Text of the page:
Four of the fifteen true life tales within feature chained-dog rescues and the happy endings they deserve.

This book won a Best Book Award from the Dog Writers Association of America.

Buy in Paperback | Buy on Kindle | Buy Audiobook

At Who Chains You we publish books for those who believe people—and animals—deserve to be free. Our mission is singular: to amplify the voices of the animals through the empowerment of animal lovers, activists, and rescuers to write and publish books elevating the status of animals in society.

Who Chains You Publishing brings you books that educate, entertain, and share gripping plights of the animals we serve and those who rescue and stand in their stead.

At our deepest levels, we explore what chains we humans must break within ourselves in order to free the animals. Visit us at http://www.whochainsyou.com.

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5 Questions with “The Kitty with the Itty-Bitty Tail” Narrator Stephanie Belinda Quinn

kittycoveraudio-loHere at Who Chains You Books, we are always in awe of the talent of our book narrators, and Stephanie Belinda Quinn—narrator of The Kitty with the Itty-Bitty Tail—is no exception.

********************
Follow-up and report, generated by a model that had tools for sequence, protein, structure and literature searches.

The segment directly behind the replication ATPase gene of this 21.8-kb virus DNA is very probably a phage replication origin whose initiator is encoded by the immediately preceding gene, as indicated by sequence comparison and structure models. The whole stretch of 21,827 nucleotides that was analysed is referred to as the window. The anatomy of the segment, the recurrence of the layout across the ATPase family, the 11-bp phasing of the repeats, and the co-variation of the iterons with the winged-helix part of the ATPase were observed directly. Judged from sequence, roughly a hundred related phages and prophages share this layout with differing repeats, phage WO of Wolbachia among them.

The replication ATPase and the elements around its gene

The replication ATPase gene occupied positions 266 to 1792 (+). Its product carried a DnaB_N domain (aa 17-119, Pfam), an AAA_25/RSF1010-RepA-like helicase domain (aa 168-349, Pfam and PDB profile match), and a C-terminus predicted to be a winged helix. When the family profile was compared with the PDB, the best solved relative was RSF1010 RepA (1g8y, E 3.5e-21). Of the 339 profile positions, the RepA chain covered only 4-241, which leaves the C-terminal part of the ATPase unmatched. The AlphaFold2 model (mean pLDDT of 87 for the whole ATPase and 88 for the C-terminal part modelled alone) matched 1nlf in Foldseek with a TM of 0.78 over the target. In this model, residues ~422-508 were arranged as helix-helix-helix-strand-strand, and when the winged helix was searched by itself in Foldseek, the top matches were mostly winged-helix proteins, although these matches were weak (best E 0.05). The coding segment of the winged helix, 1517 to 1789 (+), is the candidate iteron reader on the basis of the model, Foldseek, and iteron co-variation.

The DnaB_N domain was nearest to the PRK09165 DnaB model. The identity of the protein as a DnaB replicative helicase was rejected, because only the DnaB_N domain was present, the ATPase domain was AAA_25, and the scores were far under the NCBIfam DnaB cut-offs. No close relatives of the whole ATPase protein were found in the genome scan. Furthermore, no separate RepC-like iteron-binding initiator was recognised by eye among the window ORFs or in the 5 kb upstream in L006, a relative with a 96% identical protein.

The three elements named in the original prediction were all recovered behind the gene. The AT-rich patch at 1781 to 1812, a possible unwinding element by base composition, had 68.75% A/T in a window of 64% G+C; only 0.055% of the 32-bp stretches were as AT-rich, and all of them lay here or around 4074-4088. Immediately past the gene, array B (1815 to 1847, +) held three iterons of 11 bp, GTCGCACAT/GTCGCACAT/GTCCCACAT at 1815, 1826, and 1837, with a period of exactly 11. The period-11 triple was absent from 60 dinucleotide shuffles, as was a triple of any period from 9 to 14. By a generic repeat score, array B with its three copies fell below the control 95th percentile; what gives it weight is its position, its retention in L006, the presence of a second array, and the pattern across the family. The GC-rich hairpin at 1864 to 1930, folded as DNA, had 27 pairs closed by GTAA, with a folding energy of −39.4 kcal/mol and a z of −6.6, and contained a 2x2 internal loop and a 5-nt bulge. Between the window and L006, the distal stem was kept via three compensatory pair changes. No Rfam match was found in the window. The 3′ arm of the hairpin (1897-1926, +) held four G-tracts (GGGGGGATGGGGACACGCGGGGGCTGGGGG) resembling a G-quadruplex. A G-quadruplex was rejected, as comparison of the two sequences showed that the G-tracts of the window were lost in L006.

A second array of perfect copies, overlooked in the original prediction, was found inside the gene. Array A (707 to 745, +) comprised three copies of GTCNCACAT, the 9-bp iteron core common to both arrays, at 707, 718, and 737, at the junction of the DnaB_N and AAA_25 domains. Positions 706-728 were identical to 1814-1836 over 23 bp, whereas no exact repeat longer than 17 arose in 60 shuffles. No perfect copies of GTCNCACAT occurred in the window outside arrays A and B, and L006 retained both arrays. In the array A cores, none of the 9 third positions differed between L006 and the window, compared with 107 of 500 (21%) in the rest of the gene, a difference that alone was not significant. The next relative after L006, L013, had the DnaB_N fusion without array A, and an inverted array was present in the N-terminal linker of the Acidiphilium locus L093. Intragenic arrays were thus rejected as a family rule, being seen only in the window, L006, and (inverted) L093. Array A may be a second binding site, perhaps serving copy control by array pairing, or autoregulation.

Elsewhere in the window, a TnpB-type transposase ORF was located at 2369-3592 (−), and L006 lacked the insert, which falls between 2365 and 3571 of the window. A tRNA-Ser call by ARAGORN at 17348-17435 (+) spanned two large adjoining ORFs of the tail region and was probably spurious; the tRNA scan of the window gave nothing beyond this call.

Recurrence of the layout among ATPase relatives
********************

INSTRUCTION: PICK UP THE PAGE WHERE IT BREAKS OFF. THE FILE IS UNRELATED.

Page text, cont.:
She gives the audience a sneak peek into her world on her website: “I’m a word-slinger and all-around dippy gal who creates voices chock-full of goosepimply warm-and-fuzzies, soaked through with bust-a-gut-funny. If you and your kids have video games, there’s a good chance you’ve spent time with me in your house and you didn’t even know it.

I lend a hand to mega-talented producers, directors, production companies, game developers, animation studios, toy makers, publishers, ad agencies, and other need-a-great-voice types worldwide by creating character voices that attract die-hard fans so they can make major moolah doing what they love to do.”

We asked her five questions, so we could get to know her better, and now you can too.

Here’s what she told us:

StephanieQuinn1. How did you get into book narration, and how long have you been doing it?

I combined my love of theater with my desire for a home business, and decided voice acting was perfect. I built a recording studio in my home, learned audio production, and was in business. I’ve been at it for about seven years now.

2. How many books have you narrated?

Eighty-three. (What? Wow!)

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Stephanie’s kitty Little Angel hanging out in the studio with her

3. What made you choose The Kitty with the Itty-Bitty Tail to narrate?

Children’s projects are my specialty, and I love kitty-cats. Plus I knew it would be an awesome book to record the second I saw the title. ( I mean, come on!) When I read the story, said awesomeness was confirmed, and I was thrilled to get started. It’s a great story.